Omeka is the Content Management System (CMS) of choice for small galleries, libraries archives and museums (GLAMs). It supports the four linked data vocabularies: Dublin Core (DC), Friend of a Friend (FOAF), the Bibliographic Ontology (BIBO) and Functional Requirement of Bibliographic Records (FRBR) which it can publish using the plugin, OAI-PMH Repository, and which it can harvest from other repositories using the plugin, OAI-PMH Harvester. For those new to CMS’s they provide a basic web site structure template to which themes can be added to give style and a whole array of plugins can be added to give different functionality. The three most popular CMS are typically WordPress CMS for small sites, Joomla CMS for medium sized companies/institutions and Drupal CMS for large institutional websites. Omeka though is designed to satisfy the institutional and academic requirements of GLAMs. Need we say more? Well yes, we have to add a caveat of the potentially dire consequence of adopting Omeka as a CMS without first putting a clear design strategy in place. The rest of this blog then will deal with some of the issues that need to be known and addressed carefully if Omeka is to be used to its potential.
Posted in Content Management Systems, digital humanities, education
Tagged digital library, digital museums, Dublin Core, education, FOAF, linked data, museums on-line, Omeka CMS, RDF
This internship is titled the UCD virtual museum proposal. My initial researches consisted of doing a critique on existing implementations of virtual museums and their associated
technologies. The main fruit of this endeavour was that I decided that a virtual museum was not the best implementation for a museum on-line. Let us investigate why not.
Ah, the museum. Our noble ancestors having gone ungently into the night have bequeathed us these few remnants of their erstwhile greatness. Reverentially have we erected great halls to enshrine these tokens on a forest of plinths. The glass cases enclose and separate yet our ghostly reflections hover within.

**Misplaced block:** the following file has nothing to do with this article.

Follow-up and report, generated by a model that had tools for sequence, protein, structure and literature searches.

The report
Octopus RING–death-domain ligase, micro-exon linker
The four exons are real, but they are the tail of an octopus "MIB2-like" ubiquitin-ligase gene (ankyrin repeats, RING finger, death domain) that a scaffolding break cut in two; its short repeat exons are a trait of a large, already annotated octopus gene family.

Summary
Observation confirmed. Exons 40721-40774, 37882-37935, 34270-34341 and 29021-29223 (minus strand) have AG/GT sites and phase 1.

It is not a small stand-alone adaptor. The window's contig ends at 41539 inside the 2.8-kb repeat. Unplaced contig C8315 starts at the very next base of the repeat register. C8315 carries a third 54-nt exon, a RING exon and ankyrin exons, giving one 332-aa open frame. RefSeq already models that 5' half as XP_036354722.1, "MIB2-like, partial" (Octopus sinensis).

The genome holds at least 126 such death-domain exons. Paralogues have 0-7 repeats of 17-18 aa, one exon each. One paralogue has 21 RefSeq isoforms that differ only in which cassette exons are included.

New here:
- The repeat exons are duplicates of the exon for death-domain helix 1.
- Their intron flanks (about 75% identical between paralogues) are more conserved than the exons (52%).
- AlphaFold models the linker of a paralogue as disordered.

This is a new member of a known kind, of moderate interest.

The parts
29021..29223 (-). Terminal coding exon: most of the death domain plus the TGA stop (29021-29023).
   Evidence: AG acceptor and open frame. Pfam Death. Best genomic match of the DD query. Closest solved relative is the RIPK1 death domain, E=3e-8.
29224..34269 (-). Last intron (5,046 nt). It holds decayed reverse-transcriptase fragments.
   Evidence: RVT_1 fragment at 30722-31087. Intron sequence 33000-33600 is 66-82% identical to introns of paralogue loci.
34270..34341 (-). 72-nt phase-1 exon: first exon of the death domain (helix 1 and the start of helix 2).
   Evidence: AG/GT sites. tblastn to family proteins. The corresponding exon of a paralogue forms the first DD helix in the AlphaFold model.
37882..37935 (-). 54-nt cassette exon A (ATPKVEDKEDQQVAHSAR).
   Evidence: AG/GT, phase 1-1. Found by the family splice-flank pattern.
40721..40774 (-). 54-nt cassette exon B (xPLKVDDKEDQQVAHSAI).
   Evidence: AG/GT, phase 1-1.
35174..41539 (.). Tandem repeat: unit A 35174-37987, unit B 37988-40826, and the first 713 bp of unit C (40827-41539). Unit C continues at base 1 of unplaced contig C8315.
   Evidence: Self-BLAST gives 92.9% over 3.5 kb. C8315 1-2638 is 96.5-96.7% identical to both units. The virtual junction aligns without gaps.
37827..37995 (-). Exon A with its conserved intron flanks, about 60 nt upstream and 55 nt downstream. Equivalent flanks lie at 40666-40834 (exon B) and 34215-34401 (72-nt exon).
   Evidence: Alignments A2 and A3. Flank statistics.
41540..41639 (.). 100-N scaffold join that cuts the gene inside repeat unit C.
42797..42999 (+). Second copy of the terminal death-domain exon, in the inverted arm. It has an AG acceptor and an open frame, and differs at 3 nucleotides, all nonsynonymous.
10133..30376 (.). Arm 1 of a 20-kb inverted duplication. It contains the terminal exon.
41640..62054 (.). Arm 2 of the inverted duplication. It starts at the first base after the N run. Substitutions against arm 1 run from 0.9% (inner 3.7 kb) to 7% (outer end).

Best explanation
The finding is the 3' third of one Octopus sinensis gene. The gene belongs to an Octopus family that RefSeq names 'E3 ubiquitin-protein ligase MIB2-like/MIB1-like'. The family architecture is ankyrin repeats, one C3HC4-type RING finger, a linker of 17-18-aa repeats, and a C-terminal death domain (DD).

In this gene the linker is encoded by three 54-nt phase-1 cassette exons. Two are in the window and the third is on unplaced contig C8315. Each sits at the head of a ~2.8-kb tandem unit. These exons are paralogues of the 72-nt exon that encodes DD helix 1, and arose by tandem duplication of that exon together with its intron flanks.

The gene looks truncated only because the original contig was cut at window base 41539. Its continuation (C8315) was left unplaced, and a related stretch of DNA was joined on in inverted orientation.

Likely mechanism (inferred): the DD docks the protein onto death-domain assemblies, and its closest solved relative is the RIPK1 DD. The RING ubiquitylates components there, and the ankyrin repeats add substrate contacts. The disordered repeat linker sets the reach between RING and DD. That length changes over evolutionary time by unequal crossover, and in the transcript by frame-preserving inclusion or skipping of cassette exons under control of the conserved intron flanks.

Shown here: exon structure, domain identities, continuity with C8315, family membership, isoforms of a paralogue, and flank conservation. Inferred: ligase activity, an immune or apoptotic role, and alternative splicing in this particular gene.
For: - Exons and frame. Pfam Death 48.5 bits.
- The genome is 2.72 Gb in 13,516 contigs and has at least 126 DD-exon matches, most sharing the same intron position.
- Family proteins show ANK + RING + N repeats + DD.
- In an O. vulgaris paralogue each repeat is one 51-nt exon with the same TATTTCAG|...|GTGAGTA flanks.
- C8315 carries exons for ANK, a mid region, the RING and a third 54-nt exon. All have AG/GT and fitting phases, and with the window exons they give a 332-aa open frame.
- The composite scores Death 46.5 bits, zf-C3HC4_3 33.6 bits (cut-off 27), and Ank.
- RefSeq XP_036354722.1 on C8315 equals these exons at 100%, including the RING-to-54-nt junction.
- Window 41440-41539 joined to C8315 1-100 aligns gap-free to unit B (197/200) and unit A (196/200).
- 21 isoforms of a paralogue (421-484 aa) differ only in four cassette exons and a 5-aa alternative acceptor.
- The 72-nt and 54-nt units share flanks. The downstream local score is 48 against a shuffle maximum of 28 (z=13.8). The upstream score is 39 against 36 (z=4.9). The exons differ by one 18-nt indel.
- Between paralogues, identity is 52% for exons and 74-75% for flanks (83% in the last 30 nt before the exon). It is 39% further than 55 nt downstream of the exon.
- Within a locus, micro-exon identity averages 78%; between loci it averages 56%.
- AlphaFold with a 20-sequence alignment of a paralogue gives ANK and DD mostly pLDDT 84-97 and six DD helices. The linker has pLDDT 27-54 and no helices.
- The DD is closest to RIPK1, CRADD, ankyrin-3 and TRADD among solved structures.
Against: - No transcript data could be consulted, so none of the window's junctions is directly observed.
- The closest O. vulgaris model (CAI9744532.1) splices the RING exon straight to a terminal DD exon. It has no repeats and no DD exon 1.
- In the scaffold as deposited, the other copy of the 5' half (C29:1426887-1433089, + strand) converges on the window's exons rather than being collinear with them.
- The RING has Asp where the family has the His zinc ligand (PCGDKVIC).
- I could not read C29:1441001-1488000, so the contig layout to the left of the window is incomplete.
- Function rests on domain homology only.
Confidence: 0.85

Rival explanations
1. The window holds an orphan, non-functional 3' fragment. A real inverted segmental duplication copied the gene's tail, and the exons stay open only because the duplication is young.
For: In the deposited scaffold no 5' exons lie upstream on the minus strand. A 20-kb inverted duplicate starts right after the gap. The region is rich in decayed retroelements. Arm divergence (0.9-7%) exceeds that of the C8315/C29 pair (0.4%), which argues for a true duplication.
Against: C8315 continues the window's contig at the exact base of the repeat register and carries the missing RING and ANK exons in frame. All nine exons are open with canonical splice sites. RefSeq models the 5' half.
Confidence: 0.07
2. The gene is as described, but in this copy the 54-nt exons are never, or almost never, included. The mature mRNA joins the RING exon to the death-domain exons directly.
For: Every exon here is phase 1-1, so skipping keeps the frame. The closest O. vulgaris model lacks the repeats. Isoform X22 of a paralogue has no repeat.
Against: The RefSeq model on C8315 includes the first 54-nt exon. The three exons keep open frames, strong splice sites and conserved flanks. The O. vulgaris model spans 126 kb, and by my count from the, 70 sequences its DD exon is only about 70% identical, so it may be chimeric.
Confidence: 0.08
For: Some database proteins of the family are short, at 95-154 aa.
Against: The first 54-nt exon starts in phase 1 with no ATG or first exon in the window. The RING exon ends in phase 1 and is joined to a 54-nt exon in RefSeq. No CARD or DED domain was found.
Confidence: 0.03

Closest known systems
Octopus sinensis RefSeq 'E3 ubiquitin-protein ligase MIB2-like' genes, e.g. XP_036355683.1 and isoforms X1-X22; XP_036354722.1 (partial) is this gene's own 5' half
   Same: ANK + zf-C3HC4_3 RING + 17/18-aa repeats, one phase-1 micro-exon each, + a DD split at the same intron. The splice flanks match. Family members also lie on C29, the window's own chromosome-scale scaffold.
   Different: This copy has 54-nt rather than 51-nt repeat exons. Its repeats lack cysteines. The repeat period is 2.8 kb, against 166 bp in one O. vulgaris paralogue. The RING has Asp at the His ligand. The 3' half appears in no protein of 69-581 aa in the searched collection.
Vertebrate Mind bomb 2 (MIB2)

I would like to endorse and develop Olga Valsileva’s blog on the benefits of virtual worlds. Most of us are familiar with the negative aspects of anonymity where people unleashed from peer pressure can give free rein to vindictive impulses.i Yet not for a second should this distract us from the many positive aspects of the use of virtual worlds.
The following discussion represents something of a way-station on my discovery to what exactly constitutes the Digital Humanities (DH). At present many preconceived ideas are not quite displaced, many new not quite digested but already I have a sense that instead of attaining some all encompassing panoramic summit, metaphoric of a coherent
synthesis of ideas, I may simply arrive at a vantage point, to paraphrase Willard McCarty, offering a multitude of different vistas.i
Posted in culture, digital humanist, digital humanities, education, public library
Tagged access, definitions, digital library, digital tools, ethics, modelling, privacy, quality control
There are two discernible forms of activity in Digital Humanities. In the first there is the project and the project necessitates a project leader. This person marshals the services of a variety of specialists and/or software tools to turn a particular category of raw materials into intelligible corpora through a process that is often referred to as transcription. The resulting corpora typically reside in a database. This is a very marketable skill-set because the baleine maws of business and national security use similar people and tools every day to sieve our digital traces, krill-like, for commercially useful data and subversive communication respectively.